By most measures, captive shared services have historically shouldered a greater financial burden to operate than their outsourced counterparts.
When investing in physical infrastructure or the spare operational capacity required to satisfy business continuity plans, for example, captives cannot spread costs or risk across a portfolio of clients. Likewise, when acquiring and retaining talent, captives are pitted against independent providers whose economies of scale free up more money for compensating and developing people.
Recognizing the full continuum of choice
While there may be some obvious financial benefits to outsourcing, when looking beyond cost, there are other less black-and-white considerations, such as control needs, cultural compatibility, and risk appetite, that can spur organizations to go the captive route.
The most important thing to remember when trying to decide which shared-service support model is right for your business is that this is not an either/or choice, but rather a series of four choices (see figure). Weighing your options in this context makes it easier to determine which ones best fit with the current needs and future direction of your enterprise. But how you choose matters, as the global-servicing model you select will determine the impact you can expect.
To get the decision right, you need a more precise fix on where you are, and where you should be. Asking the following questions helps you accurately and quickly identify those two location points and chart an optimal course from the one to the other:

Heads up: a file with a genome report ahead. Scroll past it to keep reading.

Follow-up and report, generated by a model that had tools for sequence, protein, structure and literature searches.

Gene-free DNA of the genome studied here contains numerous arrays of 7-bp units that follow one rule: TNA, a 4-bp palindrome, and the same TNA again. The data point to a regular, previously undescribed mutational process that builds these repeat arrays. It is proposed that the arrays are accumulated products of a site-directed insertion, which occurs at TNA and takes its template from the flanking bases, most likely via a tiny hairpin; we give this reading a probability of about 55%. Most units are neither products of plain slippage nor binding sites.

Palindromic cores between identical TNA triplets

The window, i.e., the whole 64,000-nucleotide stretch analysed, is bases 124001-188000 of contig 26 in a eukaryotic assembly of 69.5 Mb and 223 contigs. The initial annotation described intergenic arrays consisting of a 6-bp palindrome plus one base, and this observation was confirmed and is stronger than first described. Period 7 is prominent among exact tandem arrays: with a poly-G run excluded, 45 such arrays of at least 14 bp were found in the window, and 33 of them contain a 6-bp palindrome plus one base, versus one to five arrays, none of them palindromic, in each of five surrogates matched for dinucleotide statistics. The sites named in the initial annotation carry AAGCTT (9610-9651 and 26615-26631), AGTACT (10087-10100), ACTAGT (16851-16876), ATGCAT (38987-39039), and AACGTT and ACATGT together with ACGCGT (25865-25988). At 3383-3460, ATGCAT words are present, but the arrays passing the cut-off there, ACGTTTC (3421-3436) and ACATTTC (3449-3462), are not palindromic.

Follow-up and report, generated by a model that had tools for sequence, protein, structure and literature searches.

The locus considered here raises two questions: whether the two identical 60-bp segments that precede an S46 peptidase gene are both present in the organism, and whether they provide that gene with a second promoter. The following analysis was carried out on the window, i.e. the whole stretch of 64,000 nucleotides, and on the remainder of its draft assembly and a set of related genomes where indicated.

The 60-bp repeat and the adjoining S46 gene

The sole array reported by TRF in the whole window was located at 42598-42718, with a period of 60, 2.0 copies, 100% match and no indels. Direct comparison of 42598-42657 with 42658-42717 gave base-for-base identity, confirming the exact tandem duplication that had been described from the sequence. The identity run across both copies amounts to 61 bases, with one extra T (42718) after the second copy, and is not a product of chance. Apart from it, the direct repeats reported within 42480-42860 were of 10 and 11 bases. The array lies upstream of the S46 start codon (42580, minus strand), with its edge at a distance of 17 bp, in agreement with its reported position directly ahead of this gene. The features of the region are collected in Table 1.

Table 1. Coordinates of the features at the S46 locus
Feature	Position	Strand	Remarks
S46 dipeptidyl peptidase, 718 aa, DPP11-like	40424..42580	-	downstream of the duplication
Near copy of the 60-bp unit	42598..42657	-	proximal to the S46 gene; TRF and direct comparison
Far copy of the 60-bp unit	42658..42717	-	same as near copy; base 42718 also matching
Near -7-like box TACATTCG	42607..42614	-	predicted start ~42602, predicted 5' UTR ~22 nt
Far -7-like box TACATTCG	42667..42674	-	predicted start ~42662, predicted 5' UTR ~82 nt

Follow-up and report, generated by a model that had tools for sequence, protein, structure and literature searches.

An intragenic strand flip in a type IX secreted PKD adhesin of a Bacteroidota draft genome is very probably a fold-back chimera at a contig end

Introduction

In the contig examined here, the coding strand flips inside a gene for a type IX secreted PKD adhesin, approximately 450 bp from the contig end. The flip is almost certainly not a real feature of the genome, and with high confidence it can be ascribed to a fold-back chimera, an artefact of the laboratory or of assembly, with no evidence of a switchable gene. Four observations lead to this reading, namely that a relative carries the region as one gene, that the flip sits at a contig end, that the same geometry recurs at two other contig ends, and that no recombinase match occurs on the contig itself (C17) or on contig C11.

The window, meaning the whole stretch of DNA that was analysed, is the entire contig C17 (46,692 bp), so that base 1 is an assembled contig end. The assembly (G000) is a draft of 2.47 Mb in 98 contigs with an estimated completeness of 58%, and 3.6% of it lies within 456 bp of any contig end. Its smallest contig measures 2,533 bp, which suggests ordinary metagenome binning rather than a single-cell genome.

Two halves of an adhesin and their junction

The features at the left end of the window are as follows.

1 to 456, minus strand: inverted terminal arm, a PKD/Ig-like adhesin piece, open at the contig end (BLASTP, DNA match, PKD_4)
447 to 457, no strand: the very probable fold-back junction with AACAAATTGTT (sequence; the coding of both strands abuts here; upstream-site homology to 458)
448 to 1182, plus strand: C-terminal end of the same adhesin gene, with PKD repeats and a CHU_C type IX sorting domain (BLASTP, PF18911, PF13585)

- Will the model enable us to attract and retain top talent on a sustained basis?
- Does it align with our preparedness for offshoring?
- Does it meet organizational control requirements?
- Can it address regulatory and risk issues?
- Does it give a competitive market advantage?
- Does it provide our business with transformation capabilities?
- Will it ensure strong adoption by different business units?
Unfortunately, the tendency to see the decision as a choice between two extremes is why – depending on where you sit – either the captive or outsourced model suffers in comparison. However, if you carefully consider the key advantages and challenges of the full slate of options outlined in the graphic, the pros and cons become less stark.
In the final analysis, having more choice is almost always harder. But more choice also means a better chance of selecting the correct model for your business's enterprise needs, present and future.